Ubuntu 9.04 Upgrade : The Screenshot tour

I have been upgrading my work Laptop (a Dell D630) since Ubuntu 7.04.
The first couple of times there were a few glitches, nothing a few Google searches and “sudo apt-get install”s couldn’t fix.
However, the process is getting increasingly reliable and I urge users to go this route.

For upgrading from Ubuntu 8.10, Intrepid Ibex to 9.04, Jaunty Jackalope, I decided to use the Alternate CD.
The Ubuntu Alternate CDs are released alongwith the Desktop and Server versions for that release and are basically text-based installers.
Confession time : I did not know that one could upgrade using the Alternate CD. I always did it over the Internet. That shows you how much of a Ubuntu geek I really am 😀

The only command you need to execute to begin the installation is :

$ sudo update-manager -d

That’s it !! Just keep on “Next” ing and in about 2 hours you should be done !!

And …. Voila !!!

No breaks, no crashes, no glitches !!!

All my drivers are working, my Ethernet, WiFi, my Audio, my X Server, my Touch-pad, my Mouse …. my EVERYTHING works out-of-the-box !

And Man is this Release FAST !!

So just take the jump guys and upgrade to the Jaunty Jackalope.

Open Source | 1 Comment

Ubuntu on Windows

Ubuntu Linux has opened a lot of doors for open source developers.

The real enthusiasts, the midnight oil burner are coming up with some AMAZING applications.

One such KICK-ASS app is the Portable Ubuntu, although I think the name of the project is a misnomer.

Portable Linux installs a Windows app that emulates Ubuntu Linux. In fact, it IS Ubuntu Linux modified and dressed up to run on top of Windows.

That is why I think the name’s a misnomer. It should have been simply “Ubuntu on Windows” or something like that.

Portable Ubuntu is the result of a magic conjured up from  Colinux Kernel : which in itself is a very interesting Project to run Linux on Windows, X-Ming :  which is the X Server for Windows and Pulseaudio : which is a cross-platform sound server.

As soon as I learnt about this project I knew I had to install it and without further ado, I promptly did.

Here’s what a Vista Desktop would look like with Portable Linux running :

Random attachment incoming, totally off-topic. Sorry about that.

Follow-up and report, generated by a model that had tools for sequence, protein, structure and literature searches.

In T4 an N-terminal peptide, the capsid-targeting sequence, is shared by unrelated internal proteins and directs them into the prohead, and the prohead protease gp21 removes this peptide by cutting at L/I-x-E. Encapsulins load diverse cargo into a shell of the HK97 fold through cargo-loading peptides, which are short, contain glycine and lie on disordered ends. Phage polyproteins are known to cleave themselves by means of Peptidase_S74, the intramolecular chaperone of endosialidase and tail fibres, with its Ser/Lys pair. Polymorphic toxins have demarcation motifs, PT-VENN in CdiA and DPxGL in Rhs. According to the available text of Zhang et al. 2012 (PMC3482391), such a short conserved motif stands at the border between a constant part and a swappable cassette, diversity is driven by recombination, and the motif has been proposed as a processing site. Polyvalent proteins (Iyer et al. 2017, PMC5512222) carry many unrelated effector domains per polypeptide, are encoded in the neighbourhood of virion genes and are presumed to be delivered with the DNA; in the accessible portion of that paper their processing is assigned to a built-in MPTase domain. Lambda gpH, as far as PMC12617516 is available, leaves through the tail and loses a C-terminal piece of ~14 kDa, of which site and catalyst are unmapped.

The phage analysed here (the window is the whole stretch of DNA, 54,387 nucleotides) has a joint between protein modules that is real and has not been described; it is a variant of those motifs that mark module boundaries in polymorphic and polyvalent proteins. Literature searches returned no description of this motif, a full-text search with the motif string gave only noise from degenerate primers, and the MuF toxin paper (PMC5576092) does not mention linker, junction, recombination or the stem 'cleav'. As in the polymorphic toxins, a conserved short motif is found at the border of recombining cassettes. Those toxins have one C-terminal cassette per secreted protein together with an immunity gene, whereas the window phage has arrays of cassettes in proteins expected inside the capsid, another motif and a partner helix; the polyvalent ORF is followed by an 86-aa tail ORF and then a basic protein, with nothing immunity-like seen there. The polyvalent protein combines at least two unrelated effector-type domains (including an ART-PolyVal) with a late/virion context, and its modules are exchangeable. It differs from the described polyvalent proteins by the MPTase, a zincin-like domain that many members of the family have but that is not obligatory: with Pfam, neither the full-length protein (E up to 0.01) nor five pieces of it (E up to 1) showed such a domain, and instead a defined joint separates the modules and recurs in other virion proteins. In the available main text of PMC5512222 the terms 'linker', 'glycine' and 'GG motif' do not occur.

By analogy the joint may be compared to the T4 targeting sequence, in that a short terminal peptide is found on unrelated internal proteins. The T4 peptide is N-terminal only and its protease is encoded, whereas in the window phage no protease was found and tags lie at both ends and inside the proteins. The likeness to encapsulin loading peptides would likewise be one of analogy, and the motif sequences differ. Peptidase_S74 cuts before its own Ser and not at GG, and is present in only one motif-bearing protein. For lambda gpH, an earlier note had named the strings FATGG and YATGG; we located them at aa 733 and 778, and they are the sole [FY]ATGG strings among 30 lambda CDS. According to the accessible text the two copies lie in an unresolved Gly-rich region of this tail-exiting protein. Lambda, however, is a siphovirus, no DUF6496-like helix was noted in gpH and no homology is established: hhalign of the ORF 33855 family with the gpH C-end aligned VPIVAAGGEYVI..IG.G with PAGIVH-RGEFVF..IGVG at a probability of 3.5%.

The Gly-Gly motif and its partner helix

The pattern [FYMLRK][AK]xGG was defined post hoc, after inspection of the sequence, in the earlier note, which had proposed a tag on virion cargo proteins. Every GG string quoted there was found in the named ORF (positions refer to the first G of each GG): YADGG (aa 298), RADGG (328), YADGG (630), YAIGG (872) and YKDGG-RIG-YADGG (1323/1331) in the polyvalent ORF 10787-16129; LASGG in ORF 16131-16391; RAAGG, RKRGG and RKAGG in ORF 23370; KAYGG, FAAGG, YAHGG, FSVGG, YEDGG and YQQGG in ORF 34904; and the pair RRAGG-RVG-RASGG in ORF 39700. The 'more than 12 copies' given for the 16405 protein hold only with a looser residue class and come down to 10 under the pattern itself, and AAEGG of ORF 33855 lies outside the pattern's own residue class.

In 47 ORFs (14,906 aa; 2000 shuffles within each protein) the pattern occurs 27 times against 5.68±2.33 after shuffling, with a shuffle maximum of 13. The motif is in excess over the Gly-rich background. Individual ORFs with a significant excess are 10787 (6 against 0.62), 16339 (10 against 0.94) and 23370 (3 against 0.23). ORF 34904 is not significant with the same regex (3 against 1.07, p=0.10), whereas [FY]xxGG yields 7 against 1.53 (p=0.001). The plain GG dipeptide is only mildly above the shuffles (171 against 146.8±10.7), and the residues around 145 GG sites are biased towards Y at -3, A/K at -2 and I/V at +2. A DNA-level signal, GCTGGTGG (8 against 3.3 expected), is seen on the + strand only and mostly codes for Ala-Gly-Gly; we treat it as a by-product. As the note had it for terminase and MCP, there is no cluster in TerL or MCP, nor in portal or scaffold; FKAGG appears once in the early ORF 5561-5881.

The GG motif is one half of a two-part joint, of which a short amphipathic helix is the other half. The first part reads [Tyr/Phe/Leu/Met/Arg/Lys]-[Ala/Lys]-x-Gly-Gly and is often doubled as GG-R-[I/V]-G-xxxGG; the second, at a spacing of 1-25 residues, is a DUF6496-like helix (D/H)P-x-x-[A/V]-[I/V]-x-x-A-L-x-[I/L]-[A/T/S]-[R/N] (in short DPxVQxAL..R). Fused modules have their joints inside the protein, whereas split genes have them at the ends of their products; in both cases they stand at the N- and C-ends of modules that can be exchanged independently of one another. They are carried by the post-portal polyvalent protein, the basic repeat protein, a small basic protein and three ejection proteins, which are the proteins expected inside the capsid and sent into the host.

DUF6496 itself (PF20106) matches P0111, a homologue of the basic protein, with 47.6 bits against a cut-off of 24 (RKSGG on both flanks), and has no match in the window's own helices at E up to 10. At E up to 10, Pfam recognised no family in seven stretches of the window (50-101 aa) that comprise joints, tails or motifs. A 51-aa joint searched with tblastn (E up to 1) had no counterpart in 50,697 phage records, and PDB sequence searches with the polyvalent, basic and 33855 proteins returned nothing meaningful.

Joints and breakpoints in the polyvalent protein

Portable Ubuntu screenshot

Portable Ubuntu screenshot

I love it !!

For years I’ve been running Windows apps on Linux using Wine.

Now it’s time to do otherwise  !!!

Apart from Portable Linux, there is another app which has a Ubuntu-Windows connection.

It’s called Wubi (Now THAT‘s a name 🙂 ), but I’ll be talking about it in more detail and screenshots in a later post.

The Portable Ubuntu image is quite large, about 700MB, but to all the Ubuntu fans out there,you HAVE TO try it out.

In fact, I did it just for Spite !!!

Open Source | No Comments

7 Linux Distros reviewed

I’m a little late in posting this article, since most of the Distros mentioned here are out with newer versions.

But since  it was so informative, I thought I’d post it anyways.

I thought I was the only jobless person interested in trying out Linux Distros on my VirtualBox or sometimes triple booting. But it turns out there are actually others who do 7 of ’em at a time and, as if that wasn’t enough, they make it a point to document it too.

Cool !!

The folks at Informationweek have done a Shootout of 7 popular Linux Distros. They did it on 5 different machines as if to prove a point or something.

Does it live a lot to be desired ? Have they left some very notable cadidates like the fanatically followed Kubuntu or the geeky Gentoo ? Did they miss out on a coupla hundred tests ?

There are obvious answers to the above questions, but that’s not the point.